UW Retirement Association

March 9, 2015

Weldon Ihrig: Continuing Public Service

501 commonsFor many individuals, a career of giving back through public service doesn’t end with “retirement” from a demanding job.

Weldon Ihrig had a long, distinguished career in higher education, culminating with 12 years as UW executive vice president. He retired in 2008 but consulted nationally within higher education and also advised the Seattle Chamber Music Society, where he had been a long-time board member.

“While I enjoyed the national consulting, I wanted to give back more to the Seattle community,” he says, “so began a search of opportunities locally. I also was becoming of tired of long airline flights around the country that national consulting entailed.”

His search led him to 501 Commons, a Seattle-based organization that works to build the capacity of nonprofits so that may thrive and serve the community more effectively.  Over its 25-year existence it has worked with more than 500 nonprofits all over the state. It has engaged a large group of volunteers with varied backgrounds and expertise who typically work in teams to help nonprofits who have come to 501 Commons seeking assistance.

In addition to matching nonprofits with the appropriate kinds of expertise from among its volunteers, 501 Commons provides both on-line background materials and classes for their consultants.

Ihrig, who signed up with 501 Commons in 2011, has worked with a variety of organizations, including: Music Works Northwest, which provides music education to adults and young people; ArtsEd Washington, an arts advocacy organization that works to assure that every student receives an arts education; Solid Ground, which fights poverty and racism; and Balagan Theatre, a community-based theater group focused on attracting the next generation of theater-goers.

“All these organizations are very different in what services they provide,” Ihrig says, “but the commonality in our consulting efforts has been to assist each organization in developing plans to achieve specific goals toward advancing their organizations.”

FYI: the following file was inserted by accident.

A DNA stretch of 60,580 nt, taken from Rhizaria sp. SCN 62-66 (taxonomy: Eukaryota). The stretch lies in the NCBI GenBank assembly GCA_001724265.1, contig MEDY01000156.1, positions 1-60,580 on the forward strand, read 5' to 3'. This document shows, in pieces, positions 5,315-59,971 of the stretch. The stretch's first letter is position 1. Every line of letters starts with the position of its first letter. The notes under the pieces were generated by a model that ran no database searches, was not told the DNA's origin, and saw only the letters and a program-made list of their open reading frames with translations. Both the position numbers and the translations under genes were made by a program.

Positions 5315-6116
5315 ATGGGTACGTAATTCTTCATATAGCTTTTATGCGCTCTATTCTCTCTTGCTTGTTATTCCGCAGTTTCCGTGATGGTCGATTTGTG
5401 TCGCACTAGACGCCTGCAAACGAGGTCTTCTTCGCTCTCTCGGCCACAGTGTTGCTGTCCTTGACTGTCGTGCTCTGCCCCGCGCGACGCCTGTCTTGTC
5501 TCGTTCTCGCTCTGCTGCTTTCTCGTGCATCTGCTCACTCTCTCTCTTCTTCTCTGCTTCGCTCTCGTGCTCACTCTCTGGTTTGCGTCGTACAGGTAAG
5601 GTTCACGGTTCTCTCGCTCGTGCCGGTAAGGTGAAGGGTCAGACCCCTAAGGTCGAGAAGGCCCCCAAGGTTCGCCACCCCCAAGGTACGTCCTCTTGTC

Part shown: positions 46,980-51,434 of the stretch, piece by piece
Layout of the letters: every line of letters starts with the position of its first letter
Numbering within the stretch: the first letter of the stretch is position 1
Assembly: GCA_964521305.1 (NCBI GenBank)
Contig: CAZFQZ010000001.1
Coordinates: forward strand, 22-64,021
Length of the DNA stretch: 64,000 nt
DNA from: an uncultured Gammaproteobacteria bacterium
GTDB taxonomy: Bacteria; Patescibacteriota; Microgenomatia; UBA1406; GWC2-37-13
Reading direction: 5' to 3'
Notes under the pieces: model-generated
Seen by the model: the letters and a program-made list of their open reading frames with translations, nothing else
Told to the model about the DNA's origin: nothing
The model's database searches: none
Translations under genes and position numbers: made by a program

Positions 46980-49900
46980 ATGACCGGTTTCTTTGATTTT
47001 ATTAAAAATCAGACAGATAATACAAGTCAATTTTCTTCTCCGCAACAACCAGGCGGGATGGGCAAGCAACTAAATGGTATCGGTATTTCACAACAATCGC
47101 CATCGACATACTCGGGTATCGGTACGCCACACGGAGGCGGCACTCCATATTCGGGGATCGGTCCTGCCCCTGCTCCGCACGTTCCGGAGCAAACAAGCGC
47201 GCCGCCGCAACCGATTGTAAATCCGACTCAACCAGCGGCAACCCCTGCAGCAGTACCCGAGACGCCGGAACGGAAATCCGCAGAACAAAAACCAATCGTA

As a long-time administrator who has led countless projects that helped to sharpen his organizations’ strategic focus, Ihrig has found that his most gratifying experiences working through 501 Commons have been “assisting an organization’s leadership/board to clearly identify a couple of goals that will advance the organization along with clarifying with them their steps toward achieving their goals.”

“Seeing the leadership come together in defining their goals and commit to achieving them is what makes for an interesting adventure,” he says.

The staff of 501 Commons are essentially the brokers between nonprofits that have identified specific needs and its stable of consultants.

The staff “define the projects, identify the consultants and keep track of the hours and schedules,” he said. “It is up to each consultant team to identify the steps to achieve the goals as well as adjust the goals, if necessary, set and meet the schedule and arrange for the meetings with the clients. The 501 Commons staff also review the draft work product for quality control as well as provide interventions if they become necessary.”

Ihrig has become a big fan and supporter of the work of 501 Commons and believes that many different kinds of people could be successful in this setting.

“From my experience people with all types of skills can be excellent consultants, whether or not a person’s professional work directly relates, since experiences beyond one’s job might be of assistance to some organization. That is the beauty of working with 501 Commons.  They find the right mix of consulting skills to meet a wide variety of clients’ needs.

“Also, many of the consultants begin working as 501 Commons volunteers while they are employed, which provides an opportunity to see if such consulting is of interest. Whether one is a generalist or specialist, there are opportunities available and my suggestion is that if one is interested, contact 501 Commons and discuss with them your skills to learn about the opportunities to give to our community.”